On 12/11/1998, James D. Stallworth wrote, "I  obtained a copy of the photograph of the tattoo on the left ankle of the unidentified white male involved in this case. I took the photograph to Precision Ink Tattoos on Gulf Shores Parkway and to Emerald Coast Tattoos, located on West Beach.  Neither place had ever seen that tattoo, nor had they ever applied a tattoo that resembled it.".....

On 12/21/1998 on final identification, Lt. Huey A. Mack, Jr. in speaking with the father wrote, "Mr. Sniffen confirmed the tattoo,  fingernail description and clothing description of his son."  (The fingernail description would have been about bitten fingernails.) 

Page 3 from an Alabama Forensics report records, "Identifying marks and scars on the body include a 6 inch in diameter tattoo on the anterior left shin. It is of a dark blue and green circular blade."

12/21/1998 Corporal John Garner writes, "the information from the GBI also identified Sniffen as having a tattoo on his left ankle of a blue spinning sawblade, which also matched our John Doe."  I then contacted the Roswell PD and had them fax the information they had on Sniffen to me."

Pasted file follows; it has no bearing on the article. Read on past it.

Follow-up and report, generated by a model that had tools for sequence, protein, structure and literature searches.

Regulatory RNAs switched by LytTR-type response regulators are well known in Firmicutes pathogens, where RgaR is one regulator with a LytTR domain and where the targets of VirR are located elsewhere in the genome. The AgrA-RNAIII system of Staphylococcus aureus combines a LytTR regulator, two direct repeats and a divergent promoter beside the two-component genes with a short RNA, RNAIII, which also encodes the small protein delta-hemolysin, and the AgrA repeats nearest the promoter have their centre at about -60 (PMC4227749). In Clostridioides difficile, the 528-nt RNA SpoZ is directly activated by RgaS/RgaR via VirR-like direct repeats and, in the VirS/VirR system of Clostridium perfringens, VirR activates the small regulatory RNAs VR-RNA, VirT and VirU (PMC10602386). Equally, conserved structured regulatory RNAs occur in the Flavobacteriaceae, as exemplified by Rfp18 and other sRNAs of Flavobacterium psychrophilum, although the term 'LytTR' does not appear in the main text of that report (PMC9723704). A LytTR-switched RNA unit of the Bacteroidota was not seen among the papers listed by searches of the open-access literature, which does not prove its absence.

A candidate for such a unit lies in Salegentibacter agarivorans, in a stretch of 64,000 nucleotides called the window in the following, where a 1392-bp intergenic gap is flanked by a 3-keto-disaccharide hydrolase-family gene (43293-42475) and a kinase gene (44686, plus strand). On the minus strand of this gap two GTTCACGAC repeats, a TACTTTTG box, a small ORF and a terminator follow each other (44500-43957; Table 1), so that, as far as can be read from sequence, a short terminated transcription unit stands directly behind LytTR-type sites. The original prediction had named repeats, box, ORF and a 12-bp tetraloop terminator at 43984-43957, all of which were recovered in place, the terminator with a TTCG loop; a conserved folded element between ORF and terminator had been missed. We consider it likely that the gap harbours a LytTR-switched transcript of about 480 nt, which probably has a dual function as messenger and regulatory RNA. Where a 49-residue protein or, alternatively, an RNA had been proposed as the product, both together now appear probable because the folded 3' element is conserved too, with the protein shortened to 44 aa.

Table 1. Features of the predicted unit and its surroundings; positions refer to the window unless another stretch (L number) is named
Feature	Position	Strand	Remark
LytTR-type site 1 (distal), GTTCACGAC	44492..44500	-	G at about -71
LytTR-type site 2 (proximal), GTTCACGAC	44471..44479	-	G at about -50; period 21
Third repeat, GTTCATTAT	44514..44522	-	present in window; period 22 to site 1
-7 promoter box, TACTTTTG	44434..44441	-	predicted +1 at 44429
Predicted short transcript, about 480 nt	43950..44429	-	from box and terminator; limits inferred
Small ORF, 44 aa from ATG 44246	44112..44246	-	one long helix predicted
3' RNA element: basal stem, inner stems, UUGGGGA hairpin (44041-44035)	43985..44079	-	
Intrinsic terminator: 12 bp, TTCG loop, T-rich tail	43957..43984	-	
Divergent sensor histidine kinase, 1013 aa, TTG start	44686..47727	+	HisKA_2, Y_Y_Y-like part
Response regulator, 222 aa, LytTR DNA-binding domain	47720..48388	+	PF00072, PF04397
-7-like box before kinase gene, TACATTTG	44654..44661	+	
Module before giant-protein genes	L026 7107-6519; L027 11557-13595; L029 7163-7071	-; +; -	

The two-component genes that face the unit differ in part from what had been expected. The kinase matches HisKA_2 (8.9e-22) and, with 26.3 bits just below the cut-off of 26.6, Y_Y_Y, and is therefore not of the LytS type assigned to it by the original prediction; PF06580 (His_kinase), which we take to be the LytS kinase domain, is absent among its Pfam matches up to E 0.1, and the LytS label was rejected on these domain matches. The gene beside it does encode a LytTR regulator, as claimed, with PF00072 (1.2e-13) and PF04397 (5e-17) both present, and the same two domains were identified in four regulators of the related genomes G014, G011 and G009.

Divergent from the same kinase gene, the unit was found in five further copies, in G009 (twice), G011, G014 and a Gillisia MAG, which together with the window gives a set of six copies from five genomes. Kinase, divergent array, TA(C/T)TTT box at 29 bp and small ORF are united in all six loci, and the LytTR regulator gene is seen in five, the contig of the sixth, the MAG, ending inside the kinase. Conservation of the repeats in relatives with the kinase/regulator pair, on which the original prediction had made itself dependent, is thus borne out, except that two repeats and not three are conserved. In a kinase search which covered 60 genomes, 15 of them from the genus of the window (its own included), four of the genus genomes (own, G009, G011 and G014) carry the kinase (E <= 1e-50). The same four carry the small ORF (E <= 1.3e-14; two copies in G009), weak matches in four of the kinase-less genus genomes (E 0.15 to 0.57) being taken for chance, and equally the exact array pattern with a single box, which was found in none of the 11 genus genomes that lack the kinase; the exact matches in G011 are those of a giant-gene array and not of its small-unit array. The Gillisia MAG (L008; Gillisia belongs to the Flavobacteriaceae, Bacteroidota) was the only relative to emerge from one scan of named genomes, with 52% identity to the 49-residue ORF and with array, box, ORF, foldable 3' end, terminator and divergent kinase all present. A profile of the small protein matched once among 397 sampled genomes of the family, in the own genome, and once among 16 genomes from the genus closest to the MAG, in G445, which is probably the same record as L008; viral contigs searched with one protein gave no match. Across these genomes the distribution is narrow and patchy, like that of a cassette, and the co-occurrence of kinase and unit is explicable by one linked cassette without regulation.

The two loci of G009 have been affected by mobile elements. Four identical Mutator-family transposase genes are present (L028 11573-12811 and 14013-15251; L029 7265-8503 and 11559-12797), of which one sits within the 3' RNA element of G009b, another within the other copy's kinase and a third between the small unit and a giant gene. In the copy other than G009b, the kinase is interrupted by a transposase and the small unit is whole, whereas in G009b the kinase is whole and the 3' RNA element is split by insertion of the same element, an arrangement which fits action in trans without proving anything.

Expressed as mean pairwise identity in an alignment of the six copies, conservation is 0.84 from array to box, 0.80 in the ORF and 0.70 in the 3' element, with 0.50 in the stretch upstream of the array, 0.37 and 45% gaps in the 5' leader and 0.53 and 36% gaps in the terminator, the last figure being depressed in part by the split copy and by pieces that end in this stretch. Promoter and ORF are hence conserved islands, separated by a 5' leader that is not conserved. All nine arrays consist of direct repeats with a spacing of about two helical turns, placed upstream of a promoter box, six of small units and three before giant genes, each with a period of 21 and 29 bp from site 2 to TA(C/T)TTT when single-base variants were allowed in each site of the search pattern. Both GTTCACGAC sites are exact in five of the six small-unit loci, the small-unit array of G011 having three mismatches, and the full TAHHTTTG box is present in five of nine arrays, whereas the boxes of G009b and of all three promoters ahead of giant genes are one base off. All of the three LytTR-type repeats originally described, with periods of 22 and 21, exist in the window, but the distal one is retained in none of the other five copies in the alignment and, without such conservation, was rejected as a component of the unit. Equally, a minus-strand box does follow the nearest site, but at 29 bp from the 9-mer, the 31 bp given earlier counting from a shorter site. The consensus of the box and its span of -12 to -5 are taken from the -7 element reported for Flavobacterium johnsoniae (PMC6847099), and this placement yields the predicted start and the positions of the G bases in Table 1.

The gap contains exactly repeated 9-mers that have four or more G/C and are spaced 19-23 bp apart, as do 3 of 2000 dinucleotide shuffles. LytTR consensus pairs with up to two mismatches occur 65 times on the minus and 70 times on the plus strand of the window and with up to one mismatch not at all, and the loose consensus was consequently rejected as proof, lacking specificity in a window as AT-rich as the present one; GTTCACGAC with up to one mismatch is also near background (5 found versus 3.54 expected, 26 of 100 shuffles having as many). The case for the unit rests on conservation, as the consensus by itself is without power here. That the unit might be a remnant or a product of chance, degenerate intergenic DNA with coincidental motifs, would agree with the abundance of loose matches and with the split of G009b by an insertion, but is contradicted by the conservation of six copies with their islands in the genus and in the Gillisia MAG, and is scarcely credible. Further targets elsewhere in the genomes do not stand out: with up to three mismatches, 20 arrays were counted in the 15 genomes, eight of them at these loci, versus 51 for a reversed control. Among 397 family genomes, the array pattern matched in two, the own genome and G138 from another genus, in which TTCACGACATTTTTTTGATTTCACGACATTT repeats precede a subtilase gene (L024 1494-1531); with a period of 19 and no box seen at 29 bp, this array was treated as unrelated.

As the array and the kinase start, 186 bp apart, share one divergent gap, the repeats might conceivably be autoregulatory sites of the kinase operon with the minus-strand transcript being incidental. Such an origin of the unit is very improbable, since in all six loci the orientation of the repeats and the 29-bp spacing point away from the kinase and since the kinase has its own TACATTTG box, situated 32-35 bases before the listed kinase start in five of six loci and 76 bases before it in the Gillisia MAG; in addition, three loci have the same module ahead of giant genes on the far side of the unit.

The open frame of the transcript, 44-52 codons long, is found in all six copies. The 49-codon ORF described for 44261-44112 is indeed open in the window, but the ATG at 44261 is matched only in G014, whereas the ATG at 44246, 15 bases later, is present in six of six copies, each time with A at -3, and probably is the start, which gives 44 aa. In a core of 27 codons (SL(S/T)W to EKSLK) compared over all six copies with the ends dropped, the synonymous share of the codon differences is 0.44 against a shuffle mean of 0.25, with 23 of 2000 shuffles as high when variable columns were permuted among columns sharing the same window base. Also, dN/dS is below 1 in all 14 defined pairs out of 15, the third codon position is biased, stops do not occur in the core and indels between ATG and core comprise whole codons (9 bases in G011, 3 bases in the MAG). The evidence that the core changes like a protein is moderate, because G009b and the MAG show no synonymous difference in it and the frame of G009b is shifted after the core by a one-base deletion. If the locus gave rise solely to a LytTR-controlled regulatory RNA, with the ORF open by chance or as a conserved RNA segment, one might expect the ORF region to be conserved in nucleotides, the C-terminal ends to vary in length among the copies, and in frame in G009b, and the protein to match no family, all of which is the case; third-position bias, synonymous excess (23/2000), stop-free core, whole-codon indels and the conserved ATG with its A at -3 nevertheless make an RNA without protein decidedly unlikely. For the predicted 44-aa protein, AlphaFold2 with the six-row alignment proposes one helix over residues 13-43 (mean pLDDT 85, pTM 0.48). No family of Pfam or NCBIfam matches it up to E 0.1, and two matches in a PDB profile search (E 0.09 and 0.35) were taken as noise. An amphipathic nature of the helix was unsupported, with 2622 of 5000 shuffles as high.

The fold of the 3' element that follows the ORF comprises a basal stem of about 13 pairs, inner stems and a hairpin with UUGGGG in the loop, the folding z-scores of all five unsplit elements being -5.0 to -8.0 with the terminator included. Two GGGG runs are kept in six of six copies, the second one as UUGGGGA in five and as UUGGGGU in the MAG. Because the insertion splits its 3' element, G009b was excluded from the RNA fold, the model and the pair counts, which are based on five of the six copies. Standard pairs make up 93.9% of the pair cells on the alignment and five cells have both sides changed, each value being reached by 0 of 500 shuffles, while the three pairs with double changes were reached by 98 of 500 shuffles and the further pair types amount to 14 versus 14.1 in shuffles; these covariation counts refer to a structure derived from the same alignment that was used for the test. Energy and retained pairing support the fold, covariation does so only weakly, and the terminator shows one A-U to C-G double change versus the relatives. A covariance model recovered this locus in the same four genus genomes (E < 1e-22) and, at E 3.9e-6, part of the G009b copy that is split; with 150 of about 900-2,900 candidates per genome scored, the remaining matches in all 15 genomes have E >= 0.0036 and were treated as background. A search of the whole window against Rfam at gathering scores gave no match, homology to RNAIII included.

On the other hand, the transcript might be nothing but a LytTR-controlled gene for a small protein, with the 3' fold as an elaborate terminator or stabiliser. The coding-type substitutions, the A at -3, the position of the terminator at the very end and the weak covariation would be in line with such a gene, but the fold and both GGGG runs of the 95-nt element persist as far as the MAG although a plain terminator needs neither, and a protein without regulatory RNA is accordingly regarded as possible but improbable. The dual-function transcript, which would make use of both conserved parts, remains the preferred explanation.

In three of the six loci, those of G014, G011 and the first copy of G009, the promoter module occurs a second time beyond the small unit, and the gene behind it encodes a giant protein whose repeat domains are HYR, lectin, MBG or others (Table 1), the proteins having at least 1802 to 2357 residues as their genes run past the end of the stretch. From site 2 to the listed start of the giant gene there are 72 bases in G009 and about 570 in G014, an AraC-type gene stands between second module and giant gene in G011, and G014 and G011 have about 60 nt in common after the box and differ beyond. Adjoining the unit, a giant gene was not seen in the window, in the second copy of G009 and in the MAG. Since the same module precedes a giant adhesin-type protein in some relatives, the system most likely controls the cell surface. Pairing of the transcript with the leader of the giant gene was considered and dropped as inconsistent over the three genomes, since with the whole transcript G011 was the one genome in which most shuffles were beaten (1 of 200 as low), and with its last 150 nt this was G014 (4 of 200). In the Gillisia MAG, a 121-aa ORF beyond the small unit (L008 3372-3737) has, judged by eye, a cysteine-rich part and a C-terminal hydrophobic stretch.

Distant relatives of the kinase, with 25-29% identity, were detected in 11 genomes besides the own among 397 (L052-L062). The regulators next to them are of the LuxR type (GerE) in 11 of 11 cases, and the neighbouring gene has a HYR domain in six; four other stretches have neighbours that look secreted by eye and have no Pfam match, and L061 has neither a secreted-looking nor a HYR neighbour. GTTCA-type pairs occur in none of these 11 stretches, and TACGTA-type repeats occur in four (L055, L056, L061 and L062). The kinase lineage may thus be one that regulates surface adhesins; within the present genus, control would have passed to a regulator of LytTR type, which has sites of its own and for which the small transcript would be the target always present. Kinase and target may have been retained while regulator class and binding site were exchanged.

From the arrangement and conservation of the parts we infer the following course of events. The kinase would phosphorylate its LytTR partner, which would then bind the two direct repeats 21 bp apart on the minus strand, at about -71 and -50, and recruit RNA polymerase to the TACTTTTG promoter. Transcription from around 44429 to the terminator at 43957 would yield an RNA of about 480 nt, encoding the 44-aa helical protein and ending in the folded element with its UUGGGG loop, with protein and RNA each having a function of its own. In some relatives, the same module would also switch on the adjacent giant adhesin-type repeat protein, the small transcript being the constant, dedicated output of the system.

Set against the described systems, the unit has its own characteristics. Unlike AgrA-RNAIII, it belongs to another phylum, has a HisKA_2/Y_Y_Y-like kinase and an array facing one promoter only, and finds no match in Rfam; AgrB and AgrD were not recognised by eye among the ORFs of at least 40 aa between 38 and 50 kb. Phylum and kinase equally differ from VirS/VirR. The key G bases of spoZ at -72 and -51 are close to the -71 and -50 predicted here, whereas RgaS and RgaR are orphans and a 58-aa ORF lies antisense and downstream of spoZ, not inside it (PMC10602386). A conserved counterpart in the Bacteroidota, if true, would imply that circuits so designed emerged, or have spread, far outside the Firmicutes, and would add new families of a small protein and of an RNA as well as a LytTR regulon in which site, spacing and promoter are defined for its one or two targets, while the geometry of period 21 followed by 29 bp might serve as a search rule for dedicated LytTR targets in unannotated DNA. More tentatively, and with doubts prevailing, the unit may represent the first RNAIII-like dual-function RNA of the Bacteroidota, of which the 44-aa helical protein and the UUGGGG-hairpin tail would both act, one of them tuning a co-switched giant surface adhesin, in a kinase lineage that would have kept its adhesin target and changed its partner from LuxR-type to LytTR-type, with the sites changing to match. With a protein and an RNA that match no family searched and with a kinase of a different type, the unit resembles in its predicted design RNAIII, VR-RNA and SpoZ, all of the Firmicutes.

Investigating deputy Lt. Huey A. Mack, Jr. and Lt. Bryars compared and agreed the prints supplied by the G.B.I. matched prints taken from the Baldwin County John Doe.

Forensics Report shows the blood was negative for alcohol and other basic drugs, and positive for marijuana.

Although forensics report showed there was no alcohol in the system, Corporal John Garner indicated the subject had stolen whiskey.  Later in a newspaper article which featured the event with Sheriff Huey Mack, Jr., it was reported that the subject had been "swigging whiskey."

According to Forensics, the identifying blood stain card was discarded from their records:


In 2006 I created a blog for several reasons.  I had requested help from many entities in law enforcement and authorities in state governments who had done little to nothing and had no interest whatsoever.  I had utilized lawyers to attempt to get information but realized I could quickly go completely broke trying to investigate three states in paying attorneys and private detectives.  In addition to this, I had been told by two lawyers there was "too much money" against me to ever unravel the story and I knew for ever dollar I could spend, $10 could potentially be spent against me.

The blog did more: it reached Alabama, and in 2009 I was approached by a journalist at the Mobile Press Register. She'd read my blog and she was ready to "get on the ground and running" and do an investigation.  We agreed that she wouldn't publish the story until I proof read it.   Ms. Kramer did not keep her end of the agreement and her path for the investigation was directly to the office of Sheriff Huey A. "Hoss" Mack, who as a deputy 10 years earlier had been in charge of the investigation.

The newspaper article was filled with errors and holes, just like the police and forensics reports.